APAA e-Newsletter (Issue No. 24, August 2021)

Amendments to Patent Examination Guidelines in Taiwan of Computer Software Related Invention

Scott S.S. Chen, HuaDing International Law Office (Taiwan)

The Taiwan Intellectual Property Office (TIPO) published an amendment to the Patent Examination Guidelines for Computer Software Related Invention in Chapter 12 of Part II.  This amendment is effective from July 1, 2021.  Significant changes include the following aspects:

  1. Enhancing the regulations of enablement:

According to this amendment, in order to meet the requirement of enablement, the specification should “enable the skilled artisan to understand the content and make the claimed invention without undue experimentation”, which is consistent with the regulations in Section 1.3.1 of Chapter 1 (Part II).  Further, if a computer software related invention is defined by functions, the specification should disclose relevant technical contents, such as an algorithm, of the claimed functions to enable the skilled artisan to implement the invention.  An example is also given: “if a function is implemented by a specific software, a hardware tool, or an architecture (such as a specific Program Language, a Library, an IDE, a Tool Kit, a Database, a Neural Network Model, etc.), the specific element should be disclosed in the specification irrelevant to the element of being commercial or open sourced”.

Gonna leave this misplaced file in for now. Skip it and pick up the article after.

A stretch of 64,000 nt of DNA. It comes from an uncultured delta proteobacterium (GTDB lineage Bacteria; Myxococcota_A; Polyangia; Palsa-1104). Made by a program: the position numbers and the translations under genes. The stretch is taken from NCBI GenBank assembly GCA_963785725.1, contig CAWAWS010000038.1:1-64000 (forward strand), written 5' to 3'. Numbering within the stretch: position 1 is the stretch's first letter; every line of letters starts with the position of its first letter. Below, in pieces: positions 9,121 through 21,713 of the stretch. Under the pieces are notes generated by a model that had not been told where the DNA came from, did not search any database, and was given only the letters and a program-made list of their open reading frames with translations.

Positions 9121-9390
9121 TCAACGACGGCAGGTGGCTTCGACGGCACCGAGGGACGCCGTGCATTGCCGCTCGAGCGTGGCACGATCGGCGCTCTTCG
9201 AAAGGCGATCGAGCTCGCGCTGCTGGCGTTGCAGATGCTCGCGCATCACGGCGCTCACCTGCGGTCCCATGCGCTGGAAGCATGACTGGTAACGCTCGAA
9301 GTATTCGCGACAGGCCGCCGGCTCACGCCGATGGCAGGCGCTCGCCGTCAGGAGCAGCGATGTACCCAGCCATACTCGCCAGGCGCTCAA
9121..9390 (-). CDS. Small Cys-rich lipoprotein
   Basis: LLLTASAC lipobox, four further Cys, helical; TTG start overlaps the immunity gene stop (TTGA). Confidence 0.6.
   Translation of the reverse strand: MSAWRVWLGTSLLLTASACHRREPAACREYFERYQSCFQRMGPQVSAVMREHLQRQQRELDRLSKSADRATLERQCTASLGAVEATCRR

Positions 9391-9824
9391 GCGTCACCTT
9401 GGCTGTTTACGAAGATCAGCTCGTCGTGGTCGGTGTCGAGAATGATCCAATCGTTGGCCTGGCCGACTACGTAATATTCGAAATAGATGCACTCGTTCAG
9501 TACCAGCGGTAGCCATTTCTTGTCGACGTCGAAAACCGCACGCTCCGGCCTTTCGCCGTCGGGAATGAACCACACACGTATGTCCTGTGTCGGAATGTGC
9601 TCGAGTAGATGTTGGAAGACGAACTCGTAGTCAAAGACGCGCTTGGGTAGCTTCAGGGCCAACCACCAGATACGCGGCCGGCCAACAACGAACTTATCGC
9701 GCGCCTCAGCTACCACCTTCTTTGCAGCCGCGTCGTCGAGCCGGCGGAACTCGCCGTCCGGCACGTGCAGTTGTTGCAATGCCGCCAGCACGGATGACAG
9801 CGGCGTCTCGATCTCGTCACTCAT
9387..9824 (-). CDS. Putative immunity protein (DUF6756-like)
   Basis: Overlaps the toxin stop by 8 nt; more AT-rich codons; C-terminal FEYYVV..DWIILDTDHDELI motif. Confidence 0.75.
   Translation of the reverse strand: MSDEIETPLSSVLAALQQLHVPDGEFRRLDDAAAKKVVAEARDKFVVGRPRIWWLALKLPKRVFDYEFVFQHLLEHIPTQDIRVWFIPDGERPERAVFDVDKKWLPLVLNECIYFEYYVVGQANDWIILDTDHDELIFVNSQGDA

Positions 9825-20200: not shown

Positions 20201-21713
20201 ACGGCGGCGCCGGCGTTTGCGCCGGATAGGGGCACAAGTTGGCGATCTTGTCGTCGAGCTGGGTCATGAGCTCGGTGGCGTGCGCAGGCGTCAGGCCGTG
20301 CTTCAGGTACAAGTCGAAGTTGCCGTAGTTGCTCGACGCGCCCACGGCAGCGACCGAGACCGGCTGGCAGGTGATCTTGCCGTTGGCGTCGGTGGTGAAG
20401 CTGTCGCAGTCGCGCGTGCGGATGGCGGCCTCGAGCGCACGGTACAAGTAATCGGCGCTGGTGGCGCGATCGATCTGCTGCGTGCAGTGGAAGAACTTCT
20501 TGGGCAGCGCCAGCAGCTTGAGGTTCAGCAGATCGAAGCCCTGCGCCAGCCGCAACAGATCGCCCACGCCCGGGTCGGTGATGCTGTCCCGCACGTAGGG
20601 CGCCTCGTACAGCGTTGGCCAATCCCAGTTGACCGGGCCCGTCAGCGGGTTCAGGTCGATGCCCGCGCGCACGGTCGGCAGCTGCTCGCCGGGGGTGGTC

1. Relaxing the regulation for subject matter:

First, in Product Claim, the structural limitation is not strictly required to every feature in the claim.

Second, one of the currently-eligible subject matters of Product Claim: “Computer Program Product” is modified to “Computer Program (Product)”, thus, a computer program per se is also an eligible subject matter besides a product made of the computer program.  Furthermore, “Data Structure (Product)” is officially recognized as an eligible subject matter of Product Claim in this amendment.